About General Tinio

Farming is the livelihood of majority of the residents. Even though located at the foot of the Sierra Madre Mountain Ridges, the topography is generally plain ideal to agricultural products such as palay and vegetables. A number of poultry broiler contract growers are located in the municipality. Other industries include furniture and fixtures, backyard poultry, cattle and livestock, vegetable production and minor agricultural livelihoods like duck raising.

"Ikmo" or betel leavesproduction is one dying symbol of the town. The practice of chewing betel leaves by the older generation was not adopted by the younger generation even though of its reported natural anti-cancer formula.

The remittances of numerous sons and daughters of Papaya abroad also help keep the economy of the town afloat. Papayanos can be relied to answer calls of assistance for the town's development.

Roman Catholic dominates religious disciplines with Methodist, Iglesia ni Cristo, Baptist, and other sects attracting its own followers. "Sabong" or cockfighting is the favorite pastime of the male population. The town's patron saint, San Isidro de Labrador is being feted every May 11.

The town is best known for having the most number of brass bands in the Philippines with 15 organized bands. These bands are sought after to enhance entertainment ambience in fiestas and other traditional rites such as wakes.

The Family Band '74 is the most popular one and have produced champions in majorette exhibition, solo flute competition, solo clarinet competition, solo trumpet competition, french horn competition, etc., in national brass band competitions.

The town also has other places of interest notably Minalungao National Park which is a favorite swimming destinations in summer specially during Black Saturday where it is usually filled with local bathers and visitors. Minalungao literally means "mine of gold in a cave" have several caves which can explored by more fearless ones attracting several visitors every summer. The river also has a portion where a stone ledge located about 15 meters high from the river can be used as spring board by fearless divers showing off to yearly visitors to the park.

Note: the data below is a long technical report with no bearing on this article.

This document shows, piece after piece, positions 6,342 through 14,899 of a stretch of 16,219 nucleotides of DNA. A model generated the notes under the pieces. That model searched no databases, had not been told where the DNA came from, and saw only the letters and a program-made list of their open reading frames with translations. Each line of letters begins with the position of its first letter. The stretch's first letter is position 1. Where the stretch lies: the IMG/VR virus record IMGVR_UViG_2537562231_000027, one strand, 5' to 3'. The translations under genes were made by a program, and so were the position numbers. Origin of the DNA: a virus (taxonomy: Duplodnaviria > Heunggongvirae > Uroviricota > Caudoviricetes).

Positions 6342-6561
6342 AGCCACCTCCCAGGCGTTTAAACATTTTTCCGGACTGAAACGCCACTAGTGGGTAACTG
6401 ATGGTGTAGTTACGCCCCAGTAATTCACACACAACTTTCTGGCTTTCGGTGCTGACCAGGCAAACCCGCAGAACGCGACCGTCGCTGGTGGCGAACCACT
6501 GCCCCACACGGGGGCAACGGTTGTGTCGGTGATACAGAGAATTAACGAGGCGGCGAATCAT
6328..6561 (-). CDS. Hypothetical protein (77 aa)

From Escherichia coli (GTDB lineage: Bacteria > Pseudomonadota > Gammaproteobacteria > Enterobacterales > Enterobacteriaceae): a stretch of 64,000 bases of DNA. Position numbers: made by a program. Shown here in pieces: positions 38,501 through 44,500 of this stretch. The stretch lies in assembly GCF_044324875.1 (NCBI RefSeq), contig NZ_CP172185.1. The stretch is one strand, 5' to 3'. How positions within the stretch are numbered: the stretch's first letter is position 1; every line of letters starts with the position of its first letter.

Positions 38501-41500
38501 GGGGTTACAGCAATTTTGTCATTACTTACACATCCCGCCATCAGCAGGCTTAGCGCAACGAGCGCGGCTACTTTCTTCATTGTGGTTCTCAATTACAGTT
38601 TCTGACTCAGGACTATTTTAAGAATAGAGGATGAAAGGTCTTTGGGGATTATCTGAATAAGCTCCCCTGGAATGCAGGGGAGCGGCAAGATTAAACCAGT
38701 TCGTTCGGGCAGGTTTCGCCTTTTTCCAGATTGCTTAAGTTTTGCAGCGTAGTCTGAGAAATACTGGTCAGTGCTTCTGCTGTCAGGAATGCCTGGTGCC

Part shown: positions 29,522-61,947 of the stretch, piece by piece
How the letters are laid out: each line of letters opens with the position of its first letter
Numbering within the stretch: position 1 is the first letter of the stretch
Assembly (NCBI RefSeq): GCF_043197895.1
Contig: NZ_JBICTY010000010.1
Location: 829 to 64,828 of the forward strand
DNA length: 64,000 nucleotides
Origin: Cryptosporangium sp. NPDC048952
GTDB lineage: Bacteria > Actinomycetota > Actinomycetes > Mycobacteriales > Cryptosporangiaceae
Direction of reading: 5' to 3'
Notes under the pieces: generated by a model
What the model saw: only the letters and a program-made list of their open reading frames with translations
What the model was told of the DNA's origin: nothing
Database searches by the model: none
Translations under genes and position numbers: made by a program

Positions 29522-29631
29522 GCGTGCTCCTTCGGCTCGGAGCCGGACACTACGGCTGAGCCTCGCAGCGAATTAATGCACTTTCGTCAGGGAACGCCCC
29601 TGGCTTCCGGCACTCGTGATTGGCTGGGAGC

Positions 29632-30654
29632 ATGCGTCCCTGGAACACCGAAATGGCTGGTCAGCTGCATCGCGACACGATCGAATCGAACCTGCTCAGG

Recently, the municipal council approved a resolution to rename the town back to it's original name "Papaya". Renaming will be pushed through after the townsfolk agreed for this renaming through a local plebiscite.

History of General Tinio

The Municipality of General Tinio started its humble beginning as visita Papaya of early missionaries in Pueblo Gapan as early as 1520’s. According to its oral history, Papaya got its name, when a native settler was asked by a Spanish soldier "Llama el pueblo?" and because the native did not understand the language, he replied "Papaya" referring to the particular fruit tree growing abundantly in the place. Since then, the place was called "Papaya".

Later it became Sitio Papaya of Barrio Mapisong of the town of Gapan, Nueva Ecija. In 1851, Barrio Mapisong was elevated into town status and was named as Peñaranda, after a Spanish Engineer, Jose Maria Peñaranda. Sitio Papaya then became its barrio. Under this era, Barrio Papaya was ruled by principales and cabeza de barangay. Some of the prominent cabeza came from the clans of Padolina, Bulacan, Bote, Aves, Bal and Calma. Cabeza de Barangay was responsible in the administration of collection of taxes and other fiscal matters in the barrio. The situation continued until the Spanish government met its bitter end in 1898.